Nigeria: Many Knives, One Carcass


Ibrahim Magu arrested! Magu Suspended! End of the road for Magu!... Those were some of the headlines that announced the ordeal of the former Acting Chairman of the Economic and financial Crimes Commission, EFCC. Before now, Magu had been a cat with nine lives, riding every storm and surviving every plot to bring him down. For four years and eight months, he made the high and mighty bite the dust and many looters of yore flee in fright.

Shortly after the confirmation of his arrest, an orgy of celebration broke out in the camp of suspected looters, many of whom had fled abroad to escape justice. Their acolytes rented virtual chairs and canopies online and threw cyber-gigs to celebrate the final burial of their tormentor-in-chief.

Corruption is the single most vibrant industry in Nigeria. It is becoming more and more institutionalised. In a country where legislators blackmail the executive for fat bribes under the guise of carrying out oversight functions; where the executive treat the public purse as an extension of family patrimony; where some members of the judiciary have been found to be not better than toll collectors. Corruption is the most serious threat to Nigeria's prosperity and the happiness of her people.

So, if every anti-corruption chief ends up the way Ribadu, Waziri, Lamorde and now Magu ended up -- in disgrace, no matter how muted or disguised -- you can see how hazardous it is to fight corruption

No one is saying that Magu is a saint. And no one is pre-judging all those currently under EFCC investigation. But we must face the fact that the problem of corruption is our greatest cancer and no outsider is coming here to fix it for us. The earlier we institutionalise the anti-corruption war, the better for the country. If Magu seemed to personalise the war, it is because every office in the land is personalised. I had written in the past about the system of unquestioning adulation we operate in the name of politics. I call it Babacracy or the Kabiyesi syndrome. Every position in the land is personalised, not just EFCC.

By all means, if Magu is found to have abused his office or joined the band of looters, let him face the music. I have no doubt that some of those pissing on him now will someday soon face their own music too. Where are the heroes of yesterday? All those ex-ministers hiding away in Europe at the moment, weren't they supposed to be invincible? Let Magu have his day in court. The turn of his traducers will also come, whether they the sixes of APC or the half-dozens of PDP.

Suddenly there are so many anecdotal narratives about Magu's tenure. Some hacks even tried to rope in the vice president. The arrest of the anti-corruption boss provided a great opportunity for his enemies -- and there are many of them -- to lash out at senior political and administration officials. Has anyone ever fought corruption by dragging the names of innocent people in the mud? Whoever has facts against anyone in government should come out with the details, not innuendoes; not senseless bandying of figures. In the same vein, anyone muddying the waters by falsely accusing others of corruption should be made to face the law. Is the IGP listening?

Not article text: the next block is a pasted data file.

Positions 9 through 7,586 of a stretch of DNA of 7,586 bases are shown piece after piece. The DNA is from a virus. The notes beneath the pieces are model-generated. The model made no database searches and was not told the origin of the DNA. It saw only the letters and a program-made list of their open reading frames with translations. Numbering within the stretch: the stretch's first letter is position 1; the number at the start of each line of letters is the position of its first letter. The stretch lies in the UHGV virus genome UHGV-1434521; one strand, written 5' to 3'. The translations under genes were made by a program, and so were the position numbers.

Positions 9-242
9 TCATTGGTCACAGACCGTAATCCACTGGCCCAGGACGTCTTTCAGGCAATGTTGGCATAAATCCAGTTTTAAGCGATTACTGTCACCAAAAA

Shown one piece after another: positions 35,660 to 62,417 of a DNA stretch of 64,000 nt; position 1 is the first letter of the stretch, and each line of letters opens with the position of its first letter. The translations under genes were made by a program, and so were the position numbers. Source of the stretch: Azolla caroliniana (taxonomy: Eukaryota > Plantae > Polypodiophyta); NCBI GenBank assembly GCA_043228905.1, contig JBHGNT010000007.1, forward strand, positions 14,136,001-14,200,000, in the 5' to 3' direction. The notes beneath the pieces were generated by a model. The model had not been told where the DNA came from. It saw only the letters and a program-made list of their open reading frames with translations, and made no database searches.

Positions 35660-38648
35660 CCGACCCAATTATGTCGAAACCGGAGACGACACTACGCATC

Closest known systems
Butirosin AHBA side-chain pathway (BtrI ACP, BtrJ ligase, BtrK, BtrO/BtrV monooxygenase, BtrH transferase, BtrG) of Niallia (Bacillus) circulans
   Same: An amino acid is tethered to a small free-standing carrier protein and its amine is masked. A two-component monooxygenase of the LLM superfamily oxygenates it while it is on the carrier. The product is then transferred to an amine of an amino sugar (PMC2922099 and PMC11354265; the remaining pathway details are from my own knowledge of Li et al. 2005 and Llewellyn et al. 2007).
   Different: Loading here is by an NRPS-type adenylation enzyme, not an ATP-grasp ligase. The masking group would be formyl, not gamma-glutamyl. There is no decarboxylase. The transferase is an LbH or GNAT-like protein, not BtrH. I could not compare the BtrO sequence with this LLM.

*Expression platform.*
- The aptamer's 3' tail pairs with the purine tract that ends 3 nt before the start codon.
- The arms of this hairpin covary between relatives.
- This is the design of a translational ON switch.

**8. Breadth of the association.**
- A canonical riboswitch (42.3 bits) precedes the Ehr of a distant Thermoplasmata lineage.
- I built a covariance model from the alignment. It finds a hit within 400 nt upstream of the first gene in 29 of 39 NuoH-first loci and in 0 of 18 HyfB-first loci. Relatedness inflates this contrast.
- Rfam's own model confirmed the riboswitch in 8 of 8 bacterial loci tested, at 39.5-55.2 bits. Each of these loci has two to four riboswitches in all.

When the elephant falls in the jungle, all kinds of knife show up to carve the carcass. The Jagdkommando knife, a 7-inch weapon with a hollow handle takes the lead, followed by the cleaver knife with its thick spine and wide blade; the Chef's Knife with its broad blade tapering upward to a point; the Santoku Knife for slicing, dicing, and mincing; utility knife for tearing away ligaments from meat; the boning knife for separating meat from bone... .

What is surprising is that though all the poachers are carving from the same carcass, some are still carrying daggers as if they still need to stab the carcass a few more times just to be sure that it is dead. See them with their bagh Nakh dagger, the English Bollock, the Italian cinqueda, the longish Scottish dirk, the Arab Jambiya, the Indonesian Kalis. All tribes of daggers already drawn, poised to stab, some already stabbing away furiously. One wonders; can the dead suffer a second death?

And then the axes! Some carry the multi-function Tactical Axe, others are wielding the Grub Axe; Felling Axe; Forest Axe; the easy-to-conceal Hatchet (a.k.a. Àáké-UTC) with a flared shape that comes to a sharp-tipped blade, great for achieving semi-decapitation. This weapon used to be the favoured tool of Area Boys in Lagos who, in public view, waylaid passersby and motorists and robbed them of their valuables at axe-point.

This won't be the last carcass they will carve in the media forest, I assure you. More elephants are going to fall. This system we are running is rigged to produce looters, counter-looters and re-looters -- all potential carcasses.

The Way forward? It is my considered opinion that the position of EFCC chairman is too big for a serving Assistant Commissioner of Police who is still climbing the professional ladder. We should amend the EFCC law so that a retired jurist, security chief or an academic is appointed chairman. He/She should report directly to the president. In addition, a neutral body comprising retired jurists, ICAN, NIESV, NGOs and retired DIGs should be tasked with disposal of recovered assets and the proceeds remitted to the federation account. My tuppence.

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